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Asia: traffic much better, restructuring still imperative June 1999 Download PDF

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Looking at the traffic graph below we see a familiar picture. Most of the Asian airlines have now resumed their traditional double–digit growth rates (the data refers to international RPKs in February this year). In reality, of course, this traffic rebound is only bringing passenger numbers back to 1998 levels.

Nevertheless, there are some encouraging signs. Much Asian capacity has been moved semi–permanently out of the market either through sales or parking. Consequently, load factors have been very strong — in February the average for AAPO airlines was 71.6%, 5.7 points up on a year ago.

However, these traffic volumes have been maintained at the expense of yield. Average yield for the AAPO airlines this year is expected to be 20% below that of the recent peak year 1996. According to an authoritative forecast from the Singapore office of Deutsche Bank, no increase in yield is expected up to 2002.

Consequently, the financial recovery in the region is muted. Following a net loss of US$844m in 1998, the 19 AAPO airlines should produce a net profit of about $300m in 1999, which Deutsche Bank estimates will gradually increase to $1.2bn in 2002.

For Cathay Pacific and Singapore Airlines a BA–style yield enhancement strategy is just not feasible at the moment because so many Asian companies have made permanent decisions to reduce the amount of business travel and put their executives into economy class.

In fact SIA’s strategy is now the opposite of BA’s. It is relying on growth in order to return to its former level of profitability (its results for 1998/99, a net profit of US$609m — albeit boosted by aircraft sales — were very respectable). It is explicitly planning to grow through acquisition and is looking for new investment targets beyond Ansett.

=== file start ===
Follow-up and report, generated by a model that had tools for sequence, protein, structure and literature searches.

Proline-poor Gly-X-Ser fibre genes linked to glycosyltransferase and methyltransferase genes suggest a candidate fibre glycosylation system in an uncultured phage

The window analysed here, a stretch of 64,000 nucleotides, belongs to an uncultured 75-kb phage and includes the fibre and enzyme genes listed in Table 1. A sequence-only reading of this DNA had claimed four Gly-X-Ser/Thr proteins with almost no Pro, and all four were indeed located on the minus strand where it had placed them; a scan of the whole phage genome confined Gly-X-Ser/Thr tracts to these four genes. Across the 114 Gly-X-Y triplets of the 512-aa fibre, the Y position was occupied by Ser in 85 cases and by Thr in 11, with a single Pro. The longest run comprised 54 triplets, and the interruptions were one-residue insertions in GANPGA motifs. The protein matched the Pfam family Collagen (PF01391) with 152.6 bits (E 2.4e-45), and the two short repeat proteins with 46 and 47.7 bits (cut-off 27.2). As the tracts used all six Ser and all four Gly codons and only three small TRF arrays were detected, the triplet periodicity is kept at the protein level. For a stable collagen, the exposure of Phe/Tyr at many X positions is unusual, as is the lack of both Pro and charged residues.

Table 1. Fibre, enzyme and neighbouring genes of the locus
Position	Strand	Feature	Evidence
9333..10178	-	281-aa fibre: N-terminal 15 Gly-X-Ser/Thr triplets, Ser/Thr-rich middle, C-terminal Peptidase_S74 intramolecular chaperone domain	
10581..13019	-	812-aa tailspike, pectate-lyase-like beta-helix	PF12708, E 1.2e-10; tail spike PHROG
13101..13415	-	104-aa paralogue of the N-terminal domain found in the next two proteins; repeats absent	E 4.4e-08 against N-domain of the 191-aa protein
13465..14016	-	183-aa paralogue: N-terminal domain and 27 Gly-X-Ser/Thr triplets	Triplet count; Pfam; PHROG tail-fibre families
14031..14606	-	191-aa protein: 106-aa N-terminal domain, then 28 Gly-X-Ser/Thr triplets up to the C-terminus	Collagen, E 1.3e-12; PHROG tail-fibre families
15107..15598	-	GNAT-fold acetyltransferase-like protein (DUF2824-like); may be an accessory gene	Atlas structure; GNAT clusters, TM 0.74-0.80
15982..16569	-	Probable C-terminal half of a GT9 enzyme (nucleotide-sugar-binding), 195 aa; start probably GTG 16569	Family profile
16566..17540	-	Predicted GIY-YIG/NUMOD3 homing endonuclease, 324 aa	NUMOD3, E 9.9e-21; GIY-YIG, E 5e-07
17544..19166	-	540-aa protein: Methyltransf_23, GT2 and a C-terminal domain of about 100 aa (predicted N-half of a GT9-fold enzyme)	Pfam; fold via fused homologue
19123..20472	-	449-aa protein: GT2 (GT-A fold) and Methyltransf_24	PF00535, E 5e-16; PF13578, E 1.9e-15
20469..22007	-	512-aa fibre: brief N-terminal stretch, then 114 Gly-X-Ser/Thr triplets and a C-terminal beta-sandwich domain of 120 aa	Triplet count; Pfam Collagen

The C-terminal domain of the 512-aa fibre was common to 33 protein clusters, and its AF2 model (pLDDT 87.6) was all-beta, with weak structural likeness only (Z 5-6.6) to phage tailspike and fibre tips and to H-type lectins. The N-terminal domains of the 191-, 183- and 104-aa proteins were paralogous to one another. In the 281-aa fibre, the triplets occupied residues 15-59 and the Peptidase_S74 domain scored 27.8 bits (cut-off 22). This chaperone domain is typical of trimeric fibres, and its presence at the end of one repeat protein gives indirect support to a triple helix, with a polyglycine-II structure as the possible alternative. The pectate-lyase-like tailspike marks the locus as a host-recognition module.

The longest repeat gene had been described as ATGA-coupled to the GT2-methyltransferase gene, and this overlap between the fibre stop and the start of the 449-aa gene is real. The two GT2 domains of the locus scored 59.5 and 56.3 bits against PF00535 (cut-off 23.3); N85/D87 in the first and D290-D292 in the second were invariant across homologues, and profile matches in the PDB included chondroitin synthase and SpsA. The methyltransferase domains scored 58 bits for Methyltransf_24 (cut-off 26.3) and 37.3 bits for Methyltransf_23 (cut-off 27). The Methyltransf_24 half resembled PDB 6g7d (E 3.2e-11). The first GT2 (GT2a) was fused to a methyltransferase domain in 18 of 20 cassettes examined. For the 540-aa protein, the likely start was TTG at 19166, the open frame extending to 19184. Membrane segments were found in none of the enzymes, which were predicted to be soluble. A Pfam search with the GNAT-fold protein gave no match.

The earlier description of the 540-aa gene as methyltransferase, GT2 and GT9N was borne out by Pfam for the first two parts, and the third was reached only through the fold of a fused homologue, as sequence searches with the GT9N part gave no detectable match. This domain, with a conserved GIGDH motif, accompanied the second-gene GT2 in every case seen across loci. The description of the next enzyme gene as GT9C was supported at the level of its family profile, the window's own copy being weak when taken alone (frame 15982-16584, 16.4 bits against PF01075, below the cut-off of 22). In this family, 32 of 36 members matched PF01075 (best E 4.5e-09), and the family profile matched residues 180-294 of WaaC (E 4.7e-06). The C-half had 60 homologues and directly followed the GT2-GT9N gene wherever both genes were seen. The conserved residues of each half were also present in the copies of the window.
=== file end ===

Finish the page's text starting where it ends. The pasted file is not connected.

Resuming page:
Cathay’s situation is more problematic. Last year it made its first loss (US$70m) since 1963 and now appears to be in a strategic vacuum, in danger of becoming a junior oneworld member like Canadian. Its international advertising now concentrates on promoting its economy class, but it is not at all clear whether economy class yields can support Cathay’s high operating costs.

Recovery would be faster if the region’s two airline financial disasters were allowed to disappear and the Asian industry consolidated, but the future of Garuda and PAL is unlikely to be that simple. Garuda has now put together some form of turnaround plan in conjunction with Lufthansa Consulting. But the plan does not seem to have any element of downsizing; on the contrary the airline’s CEO, Abdulgani, has stated categorically that he intends to keep the current route structure intact. So that plan looks doomed.

The PAL saga may be coming to a close. The Philippine Securities and Exchange Commission (SEC) and the airline’s creditors have refused the chairman and majority owner, Lucio Tan, any further extensions to a June 4th deadline by which he has to raise some US$200m in new equity. Unless new funds appear, as rumoured, from a mysterious Middle East consortium, the banks and credit agencies will finally call it a day. Expect a flurry of aircraft seizures.


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